PORT-AU-PRINCE, Haiti (AP) – An exhausted Justin Desamour stepped off a plane Tuesday with cuts up and down his slender arm, relieved to be back in his homeland but haunted by his fresh memories of a disastrous journey.
The 17-year-old from northern Haiti was among 111 migrants who survived when their overloaded sailboat capsized in the southern Bahamas last week. Survivors clung to the hull and the mast for hours, fighting to stay alive. Authorities say about 30 people died, and Desamour says a brother and cousin were among those killed.
“God is the only one who saved me,” Desamour said as he returned from his ill-fated voyage along with most of the survivors. They were among 228 migrants the Bahamian government sent home Tuesday after detaining them recently for illegally entering the Bahamas.
Desamour and others who were on the boat that capsized Nov. 25 described a scene of horror, as the hungry and dehydrated migrants, most of whom couldn’t swim, clambered for space on the overturned boat.
“People lost their minds and started jumping into the sea,” said Marcel Dorostant, a 29-year-old motorcycle taxi driver who said he borrowed a $115 from a friend to pay the $227 smugglers fee to reach the Bahamas.
The migrants had been at sea for eight to nine days with limited food and water and no lifejackets when the sailboat ran aground in an area of reefs and flipped, authorities said.
Many, like Desamour, were severely dehydrated when the first rescue crews arrived.
Although authorities have estimated about 30 people died in the accident, not all of their bodies have been recovered, and the death toll could be much higher. The recovered bodies are expected to be buried in the Bahamas.
Survivors have said about 250 people were aboard the boat that sailed from La Tortue, a mountainous island north of Haiti known as a smugglers’ hideaway. Some people reported paying $150-$450 for the voyage.
Just before the trip, a man from La Tortue visited the coastal town of Port-de-Paix and announced a boat was leaving soon.
“I was determined to make it to the Bahamas,” Dorostant said at a government center where the returned migrants received rice, water and a little bit of money to return home. “In the countryside we sold animals so that we could leave.”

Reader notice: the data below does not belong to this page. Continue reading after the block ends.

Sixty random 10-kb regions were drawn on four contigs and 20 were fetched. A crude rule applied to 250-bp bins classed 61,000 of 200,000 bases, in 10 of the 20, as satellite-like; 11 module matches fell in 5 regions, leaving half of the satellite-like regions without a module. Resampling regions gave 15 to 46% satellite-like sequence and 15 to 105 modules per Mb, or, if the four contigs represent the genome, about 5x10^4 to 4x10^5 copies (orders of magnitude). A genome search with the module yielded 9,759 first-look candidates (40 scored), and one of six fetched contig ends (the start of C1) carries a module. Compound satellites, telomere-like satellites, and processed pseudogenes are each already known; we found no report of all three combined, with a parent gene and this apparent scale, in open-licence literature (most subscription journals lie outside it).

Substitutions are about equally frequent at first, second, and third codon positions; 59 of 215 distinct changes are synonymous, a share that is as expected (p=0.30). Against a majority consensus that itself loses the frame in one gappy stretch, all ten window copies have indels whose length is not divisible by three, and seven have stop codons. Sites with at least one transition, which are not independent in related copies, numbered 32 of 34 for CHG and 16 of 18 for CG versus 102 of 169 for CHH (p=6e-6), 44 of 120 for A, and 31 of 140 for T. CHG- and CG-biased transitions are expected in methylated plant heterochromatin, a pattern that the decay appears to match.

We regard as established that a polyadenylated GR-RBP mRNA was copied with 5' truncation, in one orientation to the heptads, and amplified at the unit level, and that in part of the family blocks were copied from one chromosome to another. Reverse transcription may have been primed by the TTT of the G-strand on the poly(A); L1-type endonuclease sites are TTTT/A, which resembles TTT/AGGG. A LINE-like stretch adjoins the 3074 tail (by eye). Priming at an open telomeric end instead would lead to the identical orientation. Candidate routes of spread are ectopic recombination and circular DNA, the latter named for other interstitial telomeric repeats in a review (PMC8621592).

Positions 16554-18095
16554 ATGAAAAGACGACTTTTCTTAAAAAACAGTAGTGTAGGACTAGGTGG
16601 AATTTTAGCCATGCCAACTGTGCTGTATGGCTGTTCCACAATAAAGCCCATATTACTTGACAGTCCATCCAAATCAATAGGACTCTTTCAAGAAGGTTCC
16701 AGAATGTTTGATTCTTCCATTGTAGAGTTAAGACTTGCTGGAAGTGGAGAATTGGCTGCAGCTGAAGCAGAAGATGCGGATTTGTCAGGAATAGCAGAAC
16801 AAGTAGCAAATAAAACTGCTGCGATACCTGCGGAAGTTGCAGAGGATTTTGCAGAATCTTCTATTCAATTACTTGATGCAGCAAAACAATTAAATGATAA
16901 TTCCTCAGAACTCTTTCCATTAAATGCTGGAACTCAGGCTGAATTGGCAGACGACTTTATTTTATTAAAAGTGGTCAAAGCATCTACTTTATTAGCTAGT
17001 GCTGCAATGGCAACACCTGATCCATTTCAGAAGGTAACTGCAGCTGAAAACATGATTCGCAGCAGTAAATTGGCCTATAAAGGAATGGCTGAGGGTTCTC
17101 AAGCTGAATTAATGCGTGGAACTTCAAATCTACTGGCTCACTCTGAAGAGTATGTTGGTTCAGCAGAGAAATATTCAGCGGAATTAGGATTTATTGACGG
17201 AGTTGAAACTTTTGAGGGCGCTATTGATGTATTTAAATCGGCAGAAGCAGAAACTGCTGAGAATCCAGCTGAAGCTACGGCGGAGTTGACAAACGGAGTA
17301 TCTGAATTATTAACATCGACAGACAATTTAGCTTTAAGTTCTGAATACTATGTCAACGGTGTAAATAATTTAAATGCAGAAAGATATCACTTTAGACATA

Desamour said he and his brother decided to take the trip on a whim one day last month after school, packing only bread and a bottle of water. They each paid $147 for the chance to leave the misery of Port-de-Paix, Desamour said.
Survivors said passengers grew uneasy after the first week at sea.
Desamour said fights became increasingly common as passengers realized the boat was overcrowded and might sink. Some people were pushed overboard, he said.
Dorostant disagreed that any passengers were pushed into the ocean, but he said some desperate people threw themselves overboard to escape the 40-foot sloop crammed with people on the deck and in the hull.
“Under the deck wasn’t good for me,” Dorostant said. “Where I sat, there were people vomiting. Where I sat, there were people using it as a toilet. This can leave people in agony.”
Such maritime disasters occur frequently in the area, most recently in October when four Haitian women died off Miami. There have also been fatal accidents near the Turks and Caicos Islands, between Haiti and the Bahamas, and in the rough Mona Passage dividing the Dominican Republic and Puerto Rico.
Migrants have long used the Bahamian archipelago to reach the United States, with thousands also settling in the Bahamas in recent years.
This was evident Tuesday when Bahamian police reported that a sloop carrying Haitian migrants landed on Long Island. Police captured 28 men and three women and were looking for more.
Associated Press writer Alison Lowe in Nassau, Bahamas, contributed to this report.
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